## PCA / FA example 4: Davis review (3)

Let’s talk about centering the data. Recall the questions:

• is there any chance that we can always center both the columns and the rows?
• is there any chance that we can always standardize both the columns and the rows?
• if we can’t have our cake and eat it too, should we give up the duality between R-mode and Q-mode?
• what if rows of the data matrix add up to 1 or 100 (i.e. the variables are percentages)?

(My third question is poorly phrased. we always have the duality between A’s and S’s; what i feared losing was the idea that Q-mode is just R-mode applied to the transpose $X^T$; but what if X doesn’t have row-centered data?)

The third question is also a red herring. We can always make both the columns and the rows add up to zero. Proving it isn’t too hard; some convenient notation might simplify things. If the data is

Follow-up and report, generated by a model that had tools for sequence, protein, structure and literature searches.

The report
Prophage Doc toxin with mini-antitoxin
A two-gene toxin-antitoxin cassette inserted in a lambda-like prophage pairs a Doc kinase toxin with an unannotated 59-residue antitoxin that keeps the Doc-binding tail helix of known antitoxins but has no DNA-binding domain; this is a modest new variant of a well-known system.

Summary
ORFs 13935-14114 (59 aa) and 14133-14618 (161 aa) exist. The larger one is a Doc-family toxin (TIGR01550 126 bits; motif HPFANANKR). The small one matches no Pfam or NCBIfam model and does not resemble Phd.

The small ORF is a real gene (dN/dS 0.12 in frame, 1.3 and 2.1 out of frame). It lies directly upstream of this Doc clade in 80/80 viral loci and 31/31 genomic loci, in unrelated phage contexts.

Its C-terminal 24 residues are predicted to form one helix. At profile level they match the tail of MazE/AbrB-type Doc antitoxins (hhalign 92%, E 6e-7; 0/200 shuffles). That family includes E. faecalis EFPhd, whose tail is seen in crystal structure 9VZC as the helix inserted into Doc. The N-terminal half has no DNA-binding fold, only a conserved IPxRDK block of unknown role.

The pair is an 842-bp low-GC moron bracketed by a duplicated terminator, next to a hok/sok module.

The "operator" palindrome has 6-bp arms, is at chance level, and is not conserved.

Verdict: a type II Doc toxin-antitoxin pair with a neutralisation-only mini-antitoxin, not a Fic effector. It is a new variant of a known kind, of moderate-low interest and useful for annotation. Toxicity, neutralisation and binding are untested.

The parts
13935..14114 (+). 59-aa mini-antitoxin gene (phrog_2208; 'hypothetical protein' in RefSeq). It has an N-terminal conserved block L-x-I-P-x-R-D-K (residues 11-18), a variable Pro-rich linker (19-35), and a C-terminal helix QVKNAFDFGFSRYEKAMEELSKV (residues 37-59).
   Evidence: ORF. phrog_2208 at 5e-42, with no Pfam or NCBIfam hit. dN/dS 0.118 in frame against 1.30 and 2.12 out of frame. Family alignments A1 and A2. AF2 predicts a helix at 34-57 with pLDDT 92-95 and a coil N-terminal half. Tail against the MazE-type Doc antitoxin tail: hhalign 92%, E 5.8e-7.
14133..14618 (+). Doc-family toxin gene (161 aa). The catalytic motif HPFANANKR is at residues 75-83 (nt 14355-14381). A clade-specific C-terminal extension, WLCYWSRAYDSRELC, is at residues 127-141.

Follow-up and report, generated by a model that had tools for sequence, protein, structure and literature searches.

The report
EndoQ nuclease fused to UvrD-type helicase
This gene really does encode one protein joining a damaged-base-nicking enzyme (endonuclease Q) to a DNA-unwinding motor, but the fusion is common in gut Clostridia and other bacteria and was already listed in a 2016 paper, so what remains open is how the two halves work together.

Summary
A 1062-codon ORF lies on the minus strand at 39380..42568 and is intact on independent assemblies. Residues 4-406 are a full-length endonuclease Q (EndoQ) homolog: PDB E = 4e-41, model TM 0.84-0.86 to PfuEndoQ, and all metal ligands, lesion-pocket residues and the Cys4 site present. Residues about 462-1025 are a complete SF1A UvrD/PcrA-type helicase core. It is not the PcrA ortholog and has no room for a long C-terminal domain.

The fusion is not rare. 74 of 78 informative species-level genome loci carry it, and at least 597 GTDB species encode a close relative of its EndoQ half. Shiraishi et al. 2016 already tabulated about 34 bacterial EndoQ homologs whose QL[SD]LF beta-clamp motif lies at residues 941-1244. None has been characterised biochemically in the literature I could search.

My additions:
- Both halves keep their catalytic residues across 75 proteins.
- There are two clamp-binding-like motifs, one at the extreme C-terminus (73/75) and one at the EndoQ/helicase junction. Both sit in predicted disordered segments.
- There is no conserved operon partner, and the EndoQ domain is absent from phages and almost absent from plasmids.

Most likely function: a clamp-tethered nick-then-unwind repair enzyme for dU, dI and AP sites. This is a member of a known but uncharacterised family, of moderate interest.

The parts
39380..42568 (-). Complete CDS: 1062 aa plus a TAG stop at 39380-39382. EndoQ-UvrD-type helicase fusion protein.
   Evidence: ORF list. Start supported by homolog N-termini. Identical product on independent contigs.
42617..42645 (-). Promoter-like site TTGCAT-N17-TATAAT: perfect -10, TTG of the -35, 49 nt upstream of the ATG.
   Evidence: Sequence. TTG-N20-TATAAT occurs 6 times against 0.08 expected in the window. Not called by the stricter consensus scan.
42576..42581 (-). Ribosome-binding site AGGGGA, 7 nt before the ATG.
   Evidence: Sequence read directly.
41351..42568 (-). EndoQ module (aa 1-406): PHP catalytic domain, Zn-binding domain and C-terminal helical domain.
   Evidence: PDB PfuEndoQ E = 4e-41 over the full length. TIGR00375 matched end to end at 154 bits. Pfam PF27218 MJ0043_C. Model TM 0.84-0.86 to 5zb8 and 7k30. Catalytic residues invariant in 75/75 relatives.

$x_{ij}$

then

$x_{\cdot j}$ and $x_{i\cdot}$

are good symbols for the column means and row means, respectively. The grand mean (the mean of all the matrix values = mean of column means = mean of row means) would be denoted

$x_{\cdot\cdot}$

BTW, it’s very handy that the mean of column means = mean of row means; we’ll see how handy, soon.

The only subtlety is that what we have here are row and column means of the original data, instead of, for example, column means of the original data and row means of the column-centered data. We can get “doubly-centered data” by computing

$x_{ij} - x_{\cdot j} - x_{i\cdot} + x_{\cdot\cdot}$

Why are we adding the grand mean? Because we subtracted it twice. If we had taken row means of the column centered data, we wouldn’t add the grand mean back in; but i chose, and i’m sure most people choose, to take row means of the original data.

I leave the proof that we can always get doubly-centered data for the interested reader. Really, it shouldn’t be difficult.

It means that we can always do both the R-mode and Q-mode analyses on a doubly-centered design matrix X.